The Global Bioenergy Partnership (GBEP) has produced a set of twenty-four indicators for the assessment and monitoring of bioenergy sustainability at the national level. These indicators address all types of biofuels (e.g. ethanol, biodiesel, biogas) for electricity, heat and transport. FAO has provided substantial technical inputs to this work, and is also among the founding members of the Partnership and hosts the Secretariat in Rome. The indicators are intended to inform policy-makers about the environmental, social and economic aspects of the bioenergy sector in their country and guide them towards policies that foster sustainable development. Measured over time, the indicators will show progress towards or away from a nationally defined sustainable development path.

The GBEP indicators are unique in that they are a product of the only multilateral initiative that has built consensus on the sustainable production and use of bioenergy among a wide range of national governments (fifty) and international organizations (twenty-six). 

GBEP recently wrapped up a project applying the indicators in Colombia and Indonesia. What were the lessons learned?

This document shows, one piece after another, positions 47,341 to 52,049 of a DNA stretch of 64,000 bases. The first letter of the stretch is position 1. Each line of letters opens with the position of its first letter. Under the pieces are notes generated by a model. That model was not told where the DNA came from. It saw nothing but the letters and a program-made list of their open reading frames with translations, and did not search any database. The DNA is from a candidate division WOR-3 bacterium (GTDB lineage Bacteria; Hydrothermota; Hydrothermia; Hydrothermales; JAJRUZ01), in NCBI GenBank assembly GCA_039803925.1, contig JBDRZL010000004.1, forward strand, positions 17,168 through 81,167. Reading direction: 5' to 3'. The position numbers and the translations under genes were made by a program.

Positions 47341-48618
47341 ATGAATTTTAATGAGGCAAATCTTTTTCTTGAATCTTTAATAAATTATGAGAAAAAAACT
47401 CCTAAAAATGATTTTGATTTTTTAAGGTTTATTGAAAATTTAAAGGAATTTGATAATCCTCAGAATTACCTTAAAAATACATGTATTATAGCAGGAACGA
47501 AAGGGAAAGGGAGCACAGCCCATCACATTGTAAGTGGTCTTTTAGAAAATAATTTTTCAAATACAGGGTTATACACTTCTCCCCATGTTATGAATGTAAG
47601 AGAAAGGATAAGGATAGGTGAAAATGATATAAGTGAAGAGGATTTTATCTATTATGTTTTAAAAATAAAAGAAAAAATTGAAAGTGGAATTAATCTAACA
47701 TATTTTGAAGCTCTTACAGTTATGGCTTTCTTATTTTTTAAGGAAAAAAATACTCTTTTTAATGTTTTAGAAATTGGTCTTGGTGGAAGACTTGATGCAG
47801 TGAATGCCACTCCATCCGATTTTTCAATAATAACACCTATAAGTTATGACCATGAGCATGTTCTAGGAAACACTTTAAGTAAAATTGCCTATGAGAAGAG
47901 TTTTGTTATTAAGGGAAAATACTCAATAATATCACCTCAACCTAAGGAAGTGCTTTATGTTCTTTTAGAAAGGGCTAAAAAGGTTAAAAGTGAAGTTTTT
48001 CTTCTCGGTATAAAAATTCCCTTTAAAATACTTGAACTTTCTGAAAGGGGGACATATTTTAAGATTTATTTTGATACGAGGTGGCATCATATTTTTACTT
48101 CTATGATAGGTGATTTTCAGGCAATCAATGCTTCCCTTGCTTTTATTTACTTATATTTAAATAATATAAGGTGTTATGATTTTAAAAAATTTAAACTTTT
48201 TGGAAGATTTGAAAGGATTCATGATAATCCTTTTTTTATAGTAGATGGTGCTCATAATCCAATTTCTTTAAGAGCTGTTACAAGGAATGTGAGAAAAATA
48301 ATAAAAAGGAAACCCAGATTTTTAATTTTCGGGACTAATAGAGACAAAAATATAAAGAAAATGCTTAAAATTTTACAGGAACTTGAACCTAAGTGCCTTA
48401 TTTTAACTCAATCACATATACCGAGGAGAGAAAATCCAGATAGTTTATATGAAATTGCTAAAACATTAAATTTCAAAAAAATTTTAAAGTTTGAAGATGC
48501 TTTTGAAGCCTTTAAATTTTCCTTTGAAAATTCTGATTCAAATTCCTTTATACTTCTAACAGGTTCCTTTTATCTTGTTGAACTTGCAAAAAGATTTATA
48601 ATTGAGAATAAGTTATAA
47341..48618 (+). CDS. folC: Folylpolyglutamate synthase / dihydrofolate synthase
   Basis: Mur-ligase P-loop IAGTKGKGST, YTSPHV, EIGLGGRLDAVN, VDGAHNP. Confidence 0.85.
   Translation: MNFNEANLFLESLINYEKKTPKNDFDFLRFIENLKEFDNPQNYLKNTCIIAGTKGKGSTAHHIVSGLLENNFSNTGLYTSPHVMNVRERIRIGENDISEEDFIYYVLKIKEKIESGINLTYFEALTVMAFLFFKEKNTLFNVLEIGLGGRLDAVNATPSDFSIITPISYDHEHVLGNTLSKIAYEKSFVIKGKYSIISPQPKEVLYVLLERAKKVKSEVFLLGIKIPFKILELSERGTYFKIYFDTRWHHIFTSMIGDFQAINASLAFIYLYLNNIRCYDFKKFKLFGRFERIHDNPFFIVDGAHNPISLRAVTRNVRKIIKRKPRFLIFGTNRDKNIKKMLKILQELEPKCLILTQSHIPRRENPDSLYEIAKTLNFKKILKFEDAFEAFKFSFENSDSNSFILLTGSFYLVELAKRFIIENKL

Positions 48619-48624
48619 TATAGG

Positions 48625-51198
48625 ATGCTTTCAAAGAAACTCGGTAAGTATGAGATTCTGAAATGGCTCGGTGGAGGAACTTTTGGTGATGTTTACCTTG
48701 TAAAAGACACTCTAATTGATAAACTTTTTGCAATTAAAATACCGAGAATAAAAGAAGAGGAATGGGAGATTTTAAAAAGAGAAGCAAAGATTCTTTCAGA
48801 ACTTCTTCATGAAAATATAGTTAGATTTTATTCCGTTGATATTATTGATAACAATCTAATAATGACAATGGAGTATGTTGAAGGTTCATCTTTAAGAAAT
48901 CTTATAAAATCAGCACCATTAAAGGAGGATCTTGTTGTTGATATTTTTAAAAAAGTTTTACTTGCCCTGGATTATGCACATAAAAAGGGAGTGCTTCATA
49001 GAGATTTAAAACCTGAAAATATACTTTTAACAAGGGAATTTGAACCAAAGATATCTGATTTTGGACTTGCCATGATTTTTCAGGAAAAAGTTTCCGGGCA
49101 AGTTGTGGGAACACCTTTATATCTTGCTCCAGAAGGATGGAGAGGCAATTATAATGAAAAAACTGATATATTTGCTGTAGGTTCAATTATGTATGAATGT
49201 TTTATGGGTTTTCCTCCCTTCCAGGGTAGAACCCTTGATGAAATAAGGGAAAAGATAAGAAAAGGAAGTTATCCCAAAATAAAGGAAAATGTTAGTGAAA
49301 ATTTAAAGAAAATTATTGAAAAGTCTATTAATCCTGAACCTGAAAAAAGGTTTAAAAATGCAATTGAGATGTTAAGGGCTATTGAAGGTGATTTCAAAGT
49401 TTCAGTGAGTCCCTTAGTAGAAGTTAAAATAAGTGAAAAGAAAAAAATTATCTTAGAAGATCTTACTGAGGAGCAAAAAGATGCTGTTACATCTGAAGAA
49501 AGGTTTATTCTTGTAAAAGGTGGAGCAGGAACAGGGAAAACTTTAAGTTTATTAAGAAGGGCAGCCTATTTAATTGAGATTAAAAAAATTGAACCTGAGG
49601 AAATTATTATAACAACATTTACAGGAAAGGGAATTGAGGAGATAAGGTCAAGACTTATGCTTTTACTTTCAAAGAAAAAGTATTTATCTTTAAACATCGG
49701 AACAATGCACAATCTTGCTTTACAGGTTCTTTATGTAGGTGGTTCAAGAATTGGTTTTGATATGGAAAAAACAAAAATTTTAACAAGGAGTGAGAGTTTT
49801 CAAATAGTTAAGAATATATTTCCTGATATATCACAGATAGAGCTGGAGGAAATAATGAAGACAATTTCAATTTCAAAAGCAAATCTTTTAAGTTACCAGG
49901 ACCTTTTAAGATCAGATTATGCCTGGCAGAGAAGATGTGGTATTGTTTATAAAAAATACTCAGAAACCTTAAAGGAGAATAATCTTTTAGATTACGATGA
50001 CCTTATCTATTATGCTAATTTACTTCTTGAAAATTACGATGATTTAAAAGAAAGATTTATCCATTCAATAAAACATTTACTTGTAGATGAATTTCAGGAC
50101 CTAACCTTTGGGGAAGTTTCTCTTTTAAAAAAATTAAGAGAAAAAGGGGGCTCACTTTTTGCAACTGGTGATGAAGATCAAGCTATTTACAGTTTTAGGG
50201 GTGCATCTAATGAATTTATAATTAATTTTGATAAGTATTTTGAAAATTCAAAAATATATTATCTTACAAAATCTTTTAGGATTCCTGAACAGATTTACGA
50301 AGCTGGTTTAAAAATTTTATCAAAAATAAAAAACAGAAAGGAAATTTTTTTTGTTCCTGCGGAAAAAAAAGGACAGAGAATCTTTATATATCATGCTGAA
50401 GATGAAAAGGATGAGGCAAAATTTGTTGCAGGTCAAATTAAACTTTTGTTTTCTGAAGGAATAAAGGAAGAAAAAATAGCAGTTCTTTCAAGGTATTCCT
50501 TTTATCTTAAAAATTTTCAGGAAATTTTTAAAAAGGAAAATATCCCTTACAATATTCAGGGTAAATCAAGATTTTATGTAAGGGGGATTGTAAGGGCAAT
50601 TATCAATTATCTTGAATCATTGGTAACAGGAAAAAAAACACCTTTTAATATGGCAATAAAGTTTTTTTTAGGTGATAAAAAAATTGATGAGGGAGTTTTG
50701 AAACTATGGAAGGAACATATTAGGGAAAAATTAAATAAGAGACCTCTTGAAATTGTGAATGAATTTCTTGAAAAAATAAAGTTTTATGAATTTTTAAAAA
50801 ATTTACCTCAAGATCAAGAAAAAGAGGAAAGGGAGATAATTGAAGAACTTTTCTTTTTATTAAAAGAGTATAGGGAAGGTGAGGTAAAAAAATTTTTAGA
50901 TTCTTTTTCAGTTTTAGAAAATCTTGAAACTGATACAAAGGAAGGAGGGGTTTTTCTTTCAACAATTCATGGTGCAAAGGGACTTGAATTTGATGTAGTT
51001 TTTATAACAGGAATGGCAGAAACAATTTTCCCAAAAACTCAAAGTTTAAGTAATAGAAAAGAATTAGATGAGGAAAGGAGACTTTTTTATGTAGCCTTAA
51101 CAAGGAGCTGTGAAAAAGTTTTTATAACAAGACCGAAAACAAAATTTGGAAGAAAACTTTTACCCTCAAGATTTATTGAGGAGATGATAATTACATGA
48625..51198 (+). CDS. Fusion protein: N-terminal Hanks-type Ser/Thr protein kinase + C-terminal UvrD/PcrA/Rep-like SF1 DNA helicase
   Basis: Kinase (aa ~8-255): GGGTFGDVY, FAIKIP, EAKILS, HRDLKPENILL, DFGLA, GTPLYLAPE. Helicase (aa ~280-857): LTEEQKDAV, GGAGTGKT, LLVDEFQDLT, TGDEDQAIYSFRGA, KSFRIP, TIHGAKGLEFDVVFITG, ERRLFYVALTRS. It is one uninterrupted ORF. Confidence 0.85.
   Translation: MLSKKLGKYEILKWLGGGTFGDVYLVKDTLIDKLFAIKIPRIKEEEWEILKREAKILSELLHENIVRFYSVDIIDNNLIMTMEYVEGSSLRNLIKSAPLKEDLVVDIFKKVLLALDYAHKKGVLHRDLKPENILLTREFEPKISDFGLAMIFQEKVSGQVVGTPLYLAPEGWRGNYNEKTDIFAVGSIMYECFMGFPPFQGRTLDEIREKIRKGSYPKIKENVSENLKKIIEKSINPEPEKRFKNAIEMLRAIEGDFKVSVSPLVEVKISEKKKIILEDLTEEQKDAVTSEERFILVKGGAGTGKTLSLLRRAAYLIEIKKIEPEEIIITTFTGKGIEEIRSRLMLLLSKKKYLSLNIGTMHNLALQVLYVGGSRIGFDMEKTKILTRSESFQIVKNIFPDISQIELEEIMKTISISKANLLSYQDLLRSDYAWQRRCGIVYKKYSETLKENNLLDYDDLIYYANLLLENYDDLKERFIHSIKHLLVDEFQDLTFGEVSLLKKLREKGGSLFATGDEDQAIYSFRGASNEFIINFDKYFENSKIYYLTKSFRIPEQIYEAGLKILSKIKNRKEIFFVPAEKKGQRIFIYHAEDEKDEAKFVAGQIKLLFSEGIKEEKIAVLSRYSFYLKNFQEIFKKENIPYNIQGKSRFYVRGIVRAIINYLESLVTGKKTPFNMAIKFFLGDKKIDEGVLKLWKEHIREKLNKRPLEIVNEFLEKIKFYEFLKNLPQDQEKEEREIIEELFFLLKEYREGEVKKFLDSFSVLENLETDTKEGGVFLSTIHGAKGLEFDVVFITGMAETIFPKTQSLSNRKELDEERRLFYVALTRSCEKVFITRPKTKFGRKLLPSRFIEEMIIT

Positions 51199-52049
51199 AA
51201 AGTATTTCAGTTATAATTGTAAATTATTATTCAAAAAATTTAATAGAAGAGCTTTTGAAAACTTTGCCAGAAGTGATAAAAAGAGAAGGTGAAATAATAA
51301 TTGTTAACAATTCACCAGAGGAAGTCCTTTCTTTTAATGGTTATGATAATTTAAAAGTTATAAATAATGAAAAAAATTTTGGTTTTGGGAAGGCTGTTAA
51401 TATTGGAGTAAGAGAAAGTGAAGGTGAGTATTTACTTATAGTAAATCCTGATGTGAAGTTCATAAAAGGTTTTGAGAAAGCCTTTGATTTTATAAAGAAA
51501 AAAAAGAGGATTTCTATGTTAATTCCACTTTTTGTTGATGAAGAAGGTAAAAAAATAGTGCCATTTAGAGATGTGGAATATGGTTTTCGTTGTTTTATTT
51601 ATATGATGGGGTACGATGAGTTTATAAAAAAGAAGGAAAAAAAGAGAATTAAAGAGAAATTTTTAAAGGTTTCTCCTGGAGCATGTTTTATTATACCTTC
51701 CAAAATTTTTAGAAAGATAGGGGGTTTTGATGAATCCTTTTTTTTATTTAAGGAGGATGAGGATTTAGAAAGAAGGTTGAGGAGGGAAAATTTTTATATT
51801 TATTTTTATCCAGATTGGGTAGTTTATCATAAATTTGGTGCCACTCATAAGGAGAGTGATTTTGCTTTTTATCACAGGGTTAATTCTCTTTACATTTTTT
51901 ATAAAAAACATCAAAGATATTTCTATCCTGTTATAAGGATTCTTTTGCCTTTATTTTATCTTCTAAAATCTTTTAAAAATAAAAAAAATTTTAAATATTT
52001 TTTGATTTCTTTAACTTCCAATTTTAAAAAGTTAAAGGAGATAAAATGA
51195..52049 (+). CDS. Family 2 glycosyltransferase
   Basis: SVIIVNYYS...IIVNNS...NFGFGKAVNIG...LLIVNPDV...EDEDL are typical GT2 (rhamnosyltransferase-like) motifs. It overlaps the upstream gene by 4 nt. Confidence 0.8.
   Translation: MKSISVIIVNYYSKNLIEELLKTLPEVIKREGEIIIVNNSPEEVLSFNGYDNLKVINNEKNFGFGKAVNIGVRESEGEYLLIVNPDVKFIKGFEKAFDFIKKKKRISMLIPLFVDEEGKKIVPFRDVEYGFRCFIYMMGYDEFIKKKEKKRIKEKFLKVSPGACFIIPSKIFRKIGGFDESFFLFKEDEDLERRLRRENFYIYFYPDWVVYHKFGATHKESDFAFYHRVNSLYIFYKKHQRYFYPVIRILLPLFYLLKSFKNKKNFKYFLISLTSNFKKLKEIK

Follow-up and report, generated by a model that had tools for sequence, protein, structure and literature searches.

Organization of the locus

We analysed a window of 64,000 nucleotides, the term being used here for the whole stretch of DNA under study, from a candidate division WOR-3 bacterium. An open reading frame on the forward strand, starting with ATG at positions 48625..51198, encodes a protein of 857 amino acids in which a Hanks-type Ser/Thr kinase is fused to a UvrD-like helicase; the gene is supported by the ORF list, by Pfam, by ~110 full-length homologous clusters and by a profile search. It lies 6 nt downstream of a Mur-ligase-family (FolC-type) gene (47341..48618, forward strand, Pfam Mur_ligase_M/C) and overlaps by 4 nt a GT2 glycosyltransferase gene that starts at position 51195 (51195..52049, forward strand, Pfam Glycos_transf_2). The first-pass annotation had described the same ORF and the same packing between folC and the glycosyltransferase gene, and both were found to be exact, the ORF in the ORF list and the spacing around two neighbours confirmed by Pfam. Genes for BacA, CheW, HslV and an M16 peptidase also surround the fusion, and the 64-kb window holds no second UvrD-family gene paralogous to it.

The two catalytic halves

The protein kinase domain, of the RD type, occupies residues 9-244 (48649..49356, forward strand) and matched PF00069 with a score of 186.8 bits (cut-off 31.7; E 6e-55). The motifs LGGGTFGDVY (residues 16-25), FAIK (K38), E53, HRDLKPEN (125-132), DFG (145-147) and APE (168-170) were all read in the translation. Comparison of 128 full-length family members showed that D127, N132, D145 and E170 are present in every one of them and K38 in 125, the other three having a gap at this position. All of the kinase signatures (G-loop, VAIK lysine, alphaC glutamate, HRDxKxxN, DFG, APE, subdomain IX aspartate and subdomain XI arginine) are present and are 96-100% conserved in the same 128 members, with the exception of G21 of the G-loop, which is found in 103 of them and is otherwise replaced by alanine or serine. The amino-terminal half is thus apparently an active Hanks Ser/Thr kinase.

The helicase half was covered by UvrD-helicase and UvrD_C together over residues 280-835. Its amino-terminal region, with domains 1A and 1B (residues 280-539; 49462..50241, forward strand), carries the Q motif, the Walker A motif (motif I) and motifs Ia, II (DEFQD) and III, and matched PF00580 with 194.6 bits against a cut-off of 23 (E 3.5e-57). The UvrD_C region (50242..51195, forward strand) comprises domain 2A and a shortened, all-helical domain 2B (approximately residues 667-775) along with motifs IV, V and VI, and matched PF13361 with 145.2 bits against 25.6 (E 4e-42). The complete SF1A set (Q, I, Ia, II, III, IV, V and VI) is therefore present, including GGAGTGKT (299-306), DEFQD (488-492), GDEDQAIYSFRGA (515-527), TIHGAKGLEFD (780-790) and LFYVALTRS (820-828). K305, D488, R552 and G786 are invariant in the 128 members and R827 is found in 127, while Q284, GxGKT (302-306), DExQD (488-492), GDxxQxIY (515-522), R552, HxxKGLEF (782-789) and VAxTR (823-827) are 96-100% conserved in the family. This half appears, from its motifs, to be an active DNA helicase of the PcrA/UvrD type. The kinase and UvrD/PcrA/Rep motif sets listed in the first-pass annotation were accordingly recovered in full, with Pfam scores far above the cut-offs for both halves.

FAO tested the GBEP indicators in Colombia and Indonesia, with support from the International Climate Initiative (ICI) of the Federal Ministry of the Environment, Natural Resource, and Nuclear Safety of Germany. 

The testing confirmed the high relevance of the environmental, social and economic issues addressed by the GBEP sustainability indicators for bioenergy. It also showed the importance of strengthening the capacity of developing countries to monitor the sustainability of bioenergy, especially with regard to complex issues such as greenhouse gas emissions and food security, as was done in the context of this project through a series of trainings and workshops.

Can you give us an example of activities carried out during this project? 

In order to support the future monitoring of the effects of bioenergy production and use on food supply and prices, two trainings were carried out in Indonesia using the Aglink-Cosimo model, which offers a way to assess the impacts of biofuel production on agricultural and food markets, as well as a way to evaluate future biofuel scenarios linked to different policies and targets.